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The GF(4) Construction Natural isometry between GF(4) and (Z 2 ) 2 Any dual containing classical [n,k,d] 4 code can be made into a [[n,2k–n,d]] QECC Now: Any classical [n,k,d] 4 code can be made into a [[n,2k-n+c,d;c]] catalytic QECC for some c When the classical code attains the Singleton bound n-k ¸ d-1 the quantum code attains the quantum Singleton bound n-k ¸ 2(d-1) When the classical code attains the Shannon limit 2 – H 4 (1 – 3p, p,p,p) on a quaternary symmetric channel, the quantum code attains the Hashing limit 1-H 2 (1-3p, p,p,p). Modern classical codes (LDPC, turbo) can now be made quantum without having to be dual-containing.

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Operator QECCs Poulin; Bacon; Aly, Klappenecker and Sarvepalli The basic idea of operator QECCs is that part of the system (the noisy or gauge part) contains no information about either the quantum information to be transmitted or the errors which occur. We allow arbitrary noise to affect this gauge subsystem. Because the gauge subsystem can be in any arbitrary state, OQECCs are not subspaces. (That is, the superposition of two valid states in the OQECC is not a valid state unless they have the same state for the gauge subsystem.) An [[n,k;r]] OQECC: r = number of gauge q-bits

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Once again, write rowspace B of symplectic matrix H as OQECC Stabilizer Formalism Now, symplectic pairs to correspond to operations on the gauge qubits The correctable error set E is defined by: If E 1 and E 2 are in E, then at least one of the two conditions hold:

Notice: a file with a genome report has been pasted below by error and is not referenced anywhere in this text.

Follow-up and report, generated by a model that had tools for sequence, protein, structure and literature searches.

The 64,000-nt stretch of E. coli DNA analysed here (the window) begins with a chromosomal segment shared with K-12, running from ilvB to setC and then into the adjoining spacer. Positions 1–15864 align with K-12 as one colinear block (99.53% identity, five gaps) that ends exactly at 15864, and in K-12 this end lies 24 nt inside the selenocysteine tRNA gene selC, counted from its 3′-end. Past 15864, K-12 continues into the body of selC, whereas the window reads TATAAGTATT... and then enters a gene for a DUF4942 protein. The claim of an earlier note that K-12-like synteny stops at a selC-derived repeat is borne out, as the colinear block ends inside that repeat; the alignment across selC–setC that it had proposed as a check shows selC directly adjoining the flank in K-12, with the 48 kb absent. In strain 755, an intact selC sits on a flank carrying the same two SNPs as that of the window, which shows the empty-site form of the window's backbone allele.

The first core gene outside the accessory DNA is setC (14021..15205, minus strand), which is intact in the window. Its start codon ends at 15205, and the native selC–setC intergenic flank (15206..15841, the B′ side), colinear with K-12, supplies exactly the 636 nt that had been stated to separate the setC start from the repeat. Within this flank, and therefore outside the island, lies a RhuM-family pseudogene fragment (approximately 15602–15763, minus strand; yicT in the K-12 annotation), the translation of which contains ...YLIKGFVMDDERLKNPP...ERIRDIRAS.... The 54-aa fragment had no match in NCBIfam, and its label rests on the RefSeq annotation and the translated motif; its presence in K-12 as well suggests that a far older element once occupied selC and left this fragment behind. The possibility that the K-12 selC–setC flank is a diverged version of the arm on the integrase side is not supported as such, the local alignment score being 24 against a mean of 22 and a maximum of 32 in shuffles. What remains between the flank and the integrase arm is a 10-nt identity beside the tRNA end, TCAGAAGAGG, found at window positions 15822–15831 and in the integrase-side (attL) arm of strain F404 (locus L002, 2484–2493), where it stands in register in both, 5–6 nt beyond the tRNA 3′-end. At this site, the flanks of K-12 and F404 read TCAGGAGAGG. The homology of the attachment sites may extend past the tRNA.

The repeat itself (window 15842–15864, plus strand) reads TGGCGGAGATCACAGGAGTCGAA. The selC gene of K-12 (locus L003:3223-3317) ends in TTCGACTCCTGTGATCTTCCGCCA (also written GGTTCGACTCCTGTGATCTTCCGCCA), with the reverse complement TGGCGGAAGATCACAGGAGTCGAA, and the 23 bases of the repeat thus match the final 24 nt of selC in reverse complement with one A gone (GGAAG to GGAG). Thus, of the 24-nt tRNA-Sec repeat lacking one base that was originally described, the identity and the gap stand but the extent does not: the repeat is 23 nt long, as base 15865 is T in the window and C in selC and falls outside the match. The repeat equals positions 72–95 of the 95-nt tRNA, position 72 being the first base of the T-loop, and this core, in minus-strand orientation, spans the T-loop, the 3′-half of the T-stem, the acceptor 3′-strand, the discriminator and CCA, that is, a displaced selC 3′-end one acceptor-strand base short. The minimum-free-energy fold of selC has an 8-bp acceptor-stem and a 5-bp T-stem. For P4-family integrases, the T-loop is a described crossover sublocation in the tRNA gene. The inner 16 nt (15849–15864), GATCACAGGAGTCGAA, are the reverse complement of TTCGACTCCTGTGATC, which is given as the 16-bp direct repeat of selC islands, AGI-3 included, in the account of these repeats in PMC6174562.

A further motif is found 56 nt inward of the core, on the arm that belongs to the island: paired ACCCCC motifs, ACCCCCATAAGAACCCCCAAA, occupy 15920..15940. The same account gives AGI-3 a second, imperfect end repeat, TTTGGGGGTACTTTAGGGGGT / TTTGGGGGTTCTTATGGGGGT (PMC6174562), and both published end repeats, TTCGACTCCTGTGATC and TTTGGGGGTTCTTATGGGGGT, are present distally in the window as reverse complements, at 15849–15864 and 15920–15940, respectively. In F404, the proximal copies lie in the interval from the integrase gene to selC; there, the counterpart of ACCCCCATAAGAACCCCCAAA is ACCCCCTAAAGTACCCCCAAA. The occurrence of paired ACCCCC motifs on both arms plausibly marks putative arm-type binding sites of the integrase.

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Entanglement-assisted operator quantum error- correcting codes Both EAQECCs and OQECCs extend the stabilizer formalism by allowing a noncommuting “stabilizer” group. EAQECCs add an extra e-bit for each symplectic pair in the set of generators. OQECCs drop these noncommuting pairs of generators, and identify states which differ by the action of gauge operators. One can combine these approaches: use entanglement to retain some of the symplectic group in the stabilizer, while gauging out the rest. The same classical symplectic code can thus produce a range of quantum codes, combining different degrees of entanglement-assistance and passive correction. This is the most general extension of stabilizer codes so far constructed. Hsieh, Devetak, Brun, ISIT June 2007; quant-ph/0708.2142 (to appear PRA); Gilbert et al. quant-ph/0709.0128

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Once again, write rowspace B of symplectic matrix H as EAOQECC Stabilizer Formalism Some symplectic pairs to correspond to operations on the gauge qubits, and others to pre-existing entanglement The correctable error set E is defined by: If E 1 and E 2 are in E, then at least one of the two conditions hold: generate S I generate S E generate S G [[n,k,d;r;c]] code

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Examples The [8,1,3;1] EAQECC can be made an [8,1,3;2;1] EAOQECC by dropping two generators from S I and adding them and their symplectic partners to S G. (This example is based on the 9-bit Shor code.)

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We can construct another example from classical BCH codes. Replacing by its binary representation produces a [63,39,9] classical BCH code, which gives a [[63,21,9;6]] EAQECC. Making some symplectic pairs into gauge operators yields: nkdrc 6321906 6321715 6321724 6321733 6321742 6321751 6321760

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Conclusions Almost all known quantum error-correcting codes are stabilizer codes. These have a connection to classical symplectic codes, but only for dual- containing codes. Two extensions beyond this scheme which do not require this constraint are entanglement-assisted QECCs and operator QECCs. Both yield non- commuting “stabilizers” which are dealt with in different ways. These two extensions can usefully be combined into general EAOQECCs, which gives considerable flexibility in constructing QECCs from classical codes. Welcome to Sunny Southern California!